Graduate Teaching Certificate + Digital Media Work-Along

If you have started (or would like to start) submitting documentation for the the CRLT’s Graduate Teaching Certificate + Digital Media program, join us on Wednesday for a work-along session. We’ll provide food and examples of successfully completed documentation (particularly the digital portfolio – which covers *all* the requirements). Just bring yourself and your laptop!

Graduate Teaching Certificate + Digital Media Work-along
Wednesday, March 22, 4pm
Angell Hall 3184
 
You can find more information about the program here: http://www.crlt.umich.edu/cert/dm
Please forward to anyone you think might be interested and contact Merideth at scriba@umich.edu to RSVP.

Summer Reading Groups!

The Teaching and Technology Interdisciplinary Workshop is pleased to announce that it will be sponsoring three Summer Reading Groups:

Exploring multimodality and new media
In our summer reading group, we would like to explore scholarship that will inform research and teaching involving multimodality and new media. We propose to hold several one-hour meetings focused on a specific text or texts. To support group members’ different needs and interests in these meetings, we will make time for both research-centric and pedagogical discussions (half hour each) in each meeting.

Recognizing that members are busy, we propose structures to ensure that everyone can benefit from the group without necessarily reading every text cover to cover. For example, members might all read the same chapter or each read a different chapter in a text and come prepared to teach the group about it. These plans will be adjusted to meet the needs of the group.”

Readings:
Rickert, T. (2013). Ambient rhetoric.
Arola, K. and Wysocki, A. (2012). Composing media, composing embodiment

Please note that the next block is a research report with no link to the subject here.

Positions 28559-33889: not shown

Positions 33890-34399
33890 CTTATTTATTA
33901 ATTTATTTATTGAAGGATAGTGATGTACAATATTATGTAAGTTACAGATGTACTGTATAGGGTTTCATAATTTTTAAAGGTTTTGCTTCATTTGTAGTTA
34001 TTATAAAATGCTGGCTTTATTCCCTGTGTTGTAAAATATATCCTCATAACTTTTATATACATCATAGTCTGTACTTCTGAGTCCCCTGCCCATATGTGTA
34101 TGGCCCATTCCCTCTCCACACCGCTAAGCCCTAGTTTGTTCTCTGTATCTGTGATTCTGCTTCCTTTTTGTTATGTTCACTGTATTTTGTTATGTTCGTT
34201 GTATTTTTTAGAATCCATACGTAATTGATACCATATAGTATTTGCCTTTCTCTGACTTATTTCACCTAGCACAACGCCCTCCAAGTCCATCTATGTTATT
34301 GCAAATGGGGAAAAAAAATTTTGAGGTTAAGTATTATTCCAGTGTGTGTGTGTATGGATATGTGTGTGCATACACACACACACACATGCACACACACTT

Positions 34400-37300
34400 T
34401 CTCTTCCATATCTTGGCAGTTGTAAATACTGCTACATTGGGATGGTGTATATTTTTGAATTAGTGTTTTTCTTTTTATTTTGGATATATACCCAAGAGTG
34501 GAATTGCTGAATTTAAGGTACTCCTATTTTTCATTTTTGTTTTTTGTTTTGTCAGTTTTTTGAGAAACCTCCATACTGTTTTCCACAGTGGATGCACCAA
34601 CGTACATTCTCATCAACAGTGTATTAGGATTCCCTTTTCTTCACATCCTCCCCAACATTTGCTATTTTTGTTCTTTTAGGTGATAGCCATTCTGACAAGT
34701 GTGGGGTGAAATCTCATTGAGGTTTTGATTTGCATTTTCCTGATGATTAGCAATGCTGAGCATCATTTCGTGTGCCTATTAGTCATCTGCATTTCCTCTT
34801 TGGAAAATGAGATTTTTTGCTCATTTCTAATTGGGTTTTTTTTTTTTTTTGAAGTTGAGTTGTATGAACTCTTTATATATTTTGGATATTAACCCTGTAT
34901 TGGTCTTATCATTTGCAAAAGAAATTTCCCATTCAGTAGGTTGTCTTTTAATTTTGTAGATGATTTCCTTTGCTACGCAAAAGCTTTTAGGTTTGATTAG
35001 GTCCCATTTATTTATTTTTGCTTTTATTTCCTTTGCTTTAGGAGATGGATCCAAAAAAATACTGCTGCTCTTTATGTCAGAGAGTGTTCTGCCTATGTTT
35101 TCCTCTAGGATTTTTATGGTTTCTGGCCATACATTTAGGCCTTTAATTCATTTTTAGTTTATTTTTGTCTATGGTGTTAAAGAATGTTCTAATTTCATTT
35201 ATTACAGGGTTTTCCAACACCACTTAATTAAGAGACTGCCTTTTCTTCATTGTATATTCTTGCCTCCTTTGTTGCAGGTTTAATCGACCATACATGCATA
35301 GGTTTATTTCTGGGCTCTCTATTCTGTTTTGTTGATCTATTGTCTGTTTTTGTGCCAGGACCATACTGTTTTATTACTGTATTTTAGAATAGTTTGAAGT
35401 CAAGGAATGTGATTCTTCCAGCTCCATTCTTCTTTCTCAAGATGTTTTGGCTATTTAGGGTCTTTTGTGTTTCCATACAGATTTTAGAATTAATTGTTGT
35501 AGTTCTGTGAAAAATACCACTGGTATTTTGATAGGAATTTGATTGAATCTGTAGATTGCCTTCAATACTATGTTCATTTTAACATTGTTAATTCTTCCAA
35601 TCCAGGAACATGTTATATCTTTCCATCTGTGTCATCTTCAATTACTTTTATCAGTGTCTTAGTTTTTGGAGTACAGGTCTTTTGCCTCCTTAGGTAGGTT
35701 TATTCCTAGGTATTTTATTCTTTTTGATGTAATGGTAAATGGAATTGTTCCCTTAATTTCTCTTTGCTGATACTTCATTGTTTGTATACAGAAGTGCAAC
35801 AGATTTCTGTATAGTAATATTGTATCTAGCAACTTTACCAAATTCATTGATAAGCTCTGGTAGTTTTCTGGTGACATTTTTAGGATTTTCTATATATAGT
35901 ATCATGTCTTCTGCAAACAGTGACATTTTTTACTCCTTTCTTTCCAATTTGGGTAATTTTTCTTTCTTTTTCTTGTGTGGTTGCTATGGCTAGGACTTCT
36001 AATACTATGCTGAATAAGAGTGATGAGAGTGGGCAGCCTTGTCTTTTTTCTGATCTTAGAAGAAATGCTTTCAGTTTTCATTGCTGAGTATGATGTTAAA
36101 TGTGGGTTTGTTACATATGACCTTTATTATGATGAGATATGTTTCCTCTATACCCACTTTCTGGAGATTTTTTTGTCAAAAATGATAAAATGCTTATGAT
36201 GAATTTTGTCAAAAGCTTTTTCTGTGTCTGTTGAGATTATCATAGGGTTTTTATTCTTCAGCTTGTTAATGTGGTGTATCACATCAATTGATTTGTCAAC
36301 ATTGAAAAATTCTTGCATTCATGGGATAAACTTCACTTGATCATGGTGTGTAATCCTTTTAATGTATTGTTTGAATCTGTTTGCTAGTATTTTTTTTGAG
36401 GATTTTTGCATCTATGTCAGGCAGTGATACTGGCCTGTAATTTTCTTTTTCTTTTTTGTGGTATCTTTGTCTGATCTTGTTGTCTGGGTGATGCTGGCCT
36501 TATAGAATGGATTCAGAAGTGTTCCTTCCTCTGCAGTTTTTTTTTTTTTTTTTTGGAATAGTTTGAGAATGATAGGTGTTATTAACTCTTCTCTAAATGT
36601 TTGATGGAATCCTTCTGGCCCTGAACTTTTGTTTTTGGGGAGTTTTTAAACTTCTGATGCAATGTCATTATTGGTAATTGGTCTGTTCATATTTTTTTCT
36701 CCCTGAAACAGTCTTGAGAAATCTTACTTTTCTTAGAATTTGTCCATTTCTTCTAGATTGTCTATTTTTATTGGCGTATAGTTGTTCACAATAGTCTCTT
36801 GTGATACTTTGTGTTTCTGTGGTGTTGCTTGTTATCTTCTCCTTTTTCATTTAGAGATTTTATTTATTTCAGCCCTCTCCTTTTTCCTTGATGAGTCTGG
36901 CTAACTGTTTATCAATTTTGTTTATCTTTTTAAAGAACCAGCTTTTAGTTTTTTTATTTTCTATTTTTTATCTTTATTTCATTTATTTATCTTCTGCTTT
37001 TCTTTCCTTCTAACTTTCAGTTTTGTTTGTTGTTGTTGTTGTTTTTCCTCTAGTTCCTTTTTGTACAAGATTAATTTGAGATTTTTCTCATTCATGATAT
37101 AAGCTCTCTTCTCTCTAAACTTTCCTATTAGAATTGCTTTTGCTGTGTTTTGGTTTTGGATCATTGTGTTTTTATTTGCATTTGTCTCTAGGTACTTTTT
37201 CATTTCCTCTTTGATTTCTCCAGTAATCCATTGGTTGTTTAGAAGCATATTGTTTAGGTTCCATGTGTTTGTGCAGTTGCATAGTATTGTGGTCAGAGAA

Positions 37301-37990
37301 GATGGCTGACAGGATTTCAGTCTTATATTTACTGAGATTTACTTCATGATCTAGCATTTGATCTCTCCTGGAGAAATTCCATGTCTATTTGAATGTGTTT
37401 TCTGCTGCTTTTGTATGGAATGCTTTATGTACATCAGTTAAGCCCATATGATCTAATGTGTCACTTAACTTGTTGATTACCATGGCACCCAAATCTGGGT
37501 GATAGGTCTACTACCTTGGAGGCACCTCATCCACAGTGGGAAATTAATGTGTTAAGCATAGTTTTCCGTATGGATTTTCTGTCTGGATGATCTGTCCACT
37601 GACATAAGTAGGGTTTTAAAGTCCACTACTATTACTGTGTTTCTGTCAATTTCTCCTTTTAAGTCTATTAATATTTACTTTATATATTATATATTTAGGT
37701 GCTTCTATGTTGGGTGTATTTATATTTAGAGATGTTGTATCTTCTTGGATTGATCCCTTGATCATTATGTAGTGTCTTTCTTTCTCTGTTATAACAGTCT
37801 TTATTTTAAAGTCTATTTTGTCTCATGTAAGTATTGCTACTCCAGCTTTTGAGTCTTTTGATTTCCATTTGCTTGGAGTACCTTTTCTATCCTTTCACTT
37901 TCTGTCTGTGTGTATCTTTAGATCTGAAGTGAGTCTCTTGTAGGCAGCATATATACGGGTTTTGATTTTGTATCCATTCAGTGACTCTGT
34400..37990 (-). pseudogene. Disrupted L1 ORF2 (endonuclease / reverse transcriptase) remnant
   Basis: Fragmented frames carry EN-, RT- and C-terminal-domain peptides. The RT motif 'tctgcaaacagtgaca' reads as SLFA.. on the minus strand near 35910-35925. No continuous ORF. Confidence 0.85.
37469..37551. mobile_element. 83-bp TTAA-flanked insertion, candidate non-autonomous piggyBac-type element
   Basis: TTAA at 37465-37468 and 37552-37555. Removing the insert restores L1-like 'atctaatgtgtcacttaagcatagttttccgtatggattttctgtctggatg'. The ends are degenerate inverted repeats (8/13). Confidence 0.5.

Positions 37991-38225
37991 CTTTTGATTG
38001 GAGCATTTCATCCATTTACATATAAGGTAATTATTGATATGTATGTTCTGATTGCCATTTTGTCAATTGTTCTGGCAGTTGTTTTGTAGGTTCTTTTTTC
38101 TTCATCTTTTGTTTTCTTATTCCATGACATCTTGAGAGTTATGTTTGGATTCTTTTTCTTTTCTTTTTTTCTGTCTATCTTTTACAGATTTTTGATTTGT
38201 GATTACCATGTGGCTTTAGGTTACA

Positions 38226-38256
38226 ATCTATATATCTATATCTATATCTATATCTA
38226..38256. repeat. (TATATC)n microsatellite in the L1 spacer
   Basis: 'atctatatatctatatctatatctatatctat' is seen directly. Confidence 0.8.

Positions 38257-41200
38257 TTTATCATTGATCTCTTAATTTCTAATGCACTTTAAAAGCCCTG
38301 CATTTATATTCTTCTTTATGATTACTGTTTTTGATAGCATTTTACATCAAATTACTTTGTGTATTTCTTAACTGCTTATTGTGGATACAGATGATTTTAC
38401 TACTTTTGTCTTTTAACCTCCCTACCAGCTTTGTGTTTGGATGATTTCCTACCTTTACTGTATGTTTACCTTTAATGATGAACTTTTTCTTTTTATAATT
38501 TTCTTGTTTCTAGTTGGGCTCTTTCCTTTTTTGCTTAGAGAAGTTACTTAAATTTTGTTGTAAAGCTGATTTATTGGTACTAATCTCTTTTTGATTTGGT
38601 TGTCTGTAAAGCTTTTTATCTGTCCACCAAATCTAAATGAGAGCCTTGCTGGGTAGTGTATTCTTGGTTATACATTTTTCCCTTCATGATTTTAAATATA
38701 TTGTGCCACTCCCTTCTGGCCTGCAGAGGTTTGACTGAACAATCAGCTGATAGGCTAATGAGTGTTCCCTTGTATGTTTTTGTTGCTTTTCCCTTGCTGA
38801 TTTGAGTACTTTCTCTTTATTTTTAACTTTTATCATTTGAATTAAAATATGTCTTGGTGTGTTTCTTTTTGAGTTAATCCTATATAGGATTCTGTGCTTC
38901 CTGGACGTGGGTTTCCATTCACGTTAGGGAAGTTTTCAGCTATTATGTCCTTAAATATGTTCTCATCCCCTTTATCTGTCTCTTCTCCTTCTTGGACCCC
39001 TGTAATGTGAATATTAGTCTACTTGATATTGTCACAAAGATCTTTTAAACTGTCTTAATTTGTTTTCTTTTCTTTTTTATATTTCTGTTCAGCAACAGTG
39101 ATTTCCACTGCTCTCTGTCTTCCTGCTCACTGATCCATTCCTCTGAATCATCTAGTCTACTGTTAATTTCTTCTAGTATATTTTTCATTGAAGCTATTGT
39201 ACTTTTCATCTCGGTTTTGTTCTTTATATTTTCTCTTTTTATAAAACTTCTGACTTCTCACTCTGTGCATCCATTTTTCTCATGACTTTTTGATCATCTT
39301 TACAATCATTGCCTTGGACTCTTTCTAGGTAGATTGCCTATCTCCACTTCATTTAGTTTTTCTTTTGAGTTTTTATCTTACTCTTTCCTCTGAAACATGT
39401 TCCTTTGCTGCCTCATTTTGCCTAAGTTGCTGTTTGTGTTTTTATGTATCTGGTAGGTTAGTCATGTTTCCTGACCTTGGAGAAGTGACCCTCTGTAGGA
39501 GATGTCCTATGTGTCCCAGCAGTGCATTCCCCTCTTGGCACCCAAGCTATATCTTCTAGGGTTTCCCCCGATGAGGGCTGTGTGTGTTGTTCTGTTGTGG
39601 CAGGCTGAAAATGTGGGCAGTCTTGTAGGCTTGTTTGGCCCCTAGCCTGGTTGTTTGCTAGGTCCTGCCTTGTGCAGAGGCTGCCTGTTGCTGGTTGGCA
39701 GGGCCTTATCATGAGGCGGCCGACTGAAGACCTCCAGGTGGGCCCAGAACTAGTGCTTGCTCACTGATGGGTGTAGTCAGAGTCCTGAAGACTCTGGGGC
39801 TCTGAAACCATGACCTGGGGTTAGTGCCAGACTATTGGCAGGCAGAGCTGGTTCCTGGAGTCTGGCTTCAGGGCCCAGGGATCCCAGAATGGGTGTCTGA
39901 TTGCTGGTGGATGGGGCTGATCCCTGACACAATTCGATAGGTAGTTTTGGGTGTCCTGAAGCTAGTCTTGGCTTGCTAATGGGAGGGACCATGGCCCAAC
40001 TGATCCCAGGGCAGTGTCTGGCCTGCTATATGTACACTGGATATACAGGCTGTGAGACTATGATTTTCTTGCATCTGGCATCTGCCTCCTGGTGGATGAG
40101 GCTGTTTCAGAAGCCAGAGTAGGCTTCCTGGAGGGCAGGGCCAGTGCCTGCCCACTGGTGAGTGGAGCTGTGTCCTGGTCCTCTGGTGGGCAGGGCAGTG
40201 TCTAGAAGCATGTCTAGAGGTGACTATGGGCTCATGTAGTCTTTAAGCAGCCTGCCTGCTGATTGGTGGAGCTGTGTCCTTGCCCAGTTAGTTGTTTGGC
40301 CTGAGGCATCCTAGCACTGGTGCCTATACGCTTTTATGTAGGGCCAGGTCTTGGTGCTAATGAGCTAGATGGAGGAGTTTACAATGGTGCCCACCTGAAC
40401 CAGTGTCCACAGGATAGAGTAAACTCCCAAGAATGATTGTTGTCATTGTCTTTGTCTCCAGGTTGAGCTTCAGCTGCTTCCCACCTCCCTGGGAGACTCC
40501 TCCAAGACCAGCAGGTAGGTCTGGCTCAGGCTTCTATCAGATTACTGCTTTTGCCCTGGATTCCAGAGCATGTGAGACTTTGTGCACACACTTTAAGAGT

Bolter, J. D. and Grusin, R. (2000). Remediation: Understanding new media

Dewey and the Digital Turn: Evolving Rhetorics of Socially Mediated Literacies
At the turn of the 20th century, John Dewey expressed concerns that the tools and technologies of modern society concealed the cognitive load of learning activities and risked instrumentalizing students and schools in dangerous and undemocratic ways. At the turn of the 21st century, we find similar concerns in the tension between the digital literacies embedded in everyday social contexts and the formalizing processes of schools, even as they attempt to capitalize on the social and multimodal aspects of digital writing. The purpose of this group is to explore practical and philosophical connections between Dewey’s 20th century theories of the social construction of learning and 21st century theories of the impact of digital literacies on learning processes.

Readings:
Dewey, J. (1925). Experience and Nature.
Dewey, J. (1938). Experience and Education.
Haas,C. (1995). Writing technology: Studies on the materiality of literacy.
Chun, W. H. K. (2016). Updating to remain the same: Habitual new media.

Language, Technology, Infrastructure
As new forms of communication technology proliferate, new questions arise about the utility of drawing on previous theories of language based on interactive, narrative or cognitive models. Language is now part of algorithms, coding, signage, screens, and documentation. This reading group is intended for graduate students interested in engaging with new theoretical approaches to studying language in new domains, such as human-computer or machine-mediated interaction. New approaches are now challenging old tropes of technologies of communication as primarily about surveillance, classification, and identification. We are interested in what the implications for language in technology and infrastructure are for re-shaping social and political relations in new and unexpected ways. We will engage with recent literature published across fields of history, anthropology, communication theory, and science and technology studies. We welcome all fields and levels of graduate study.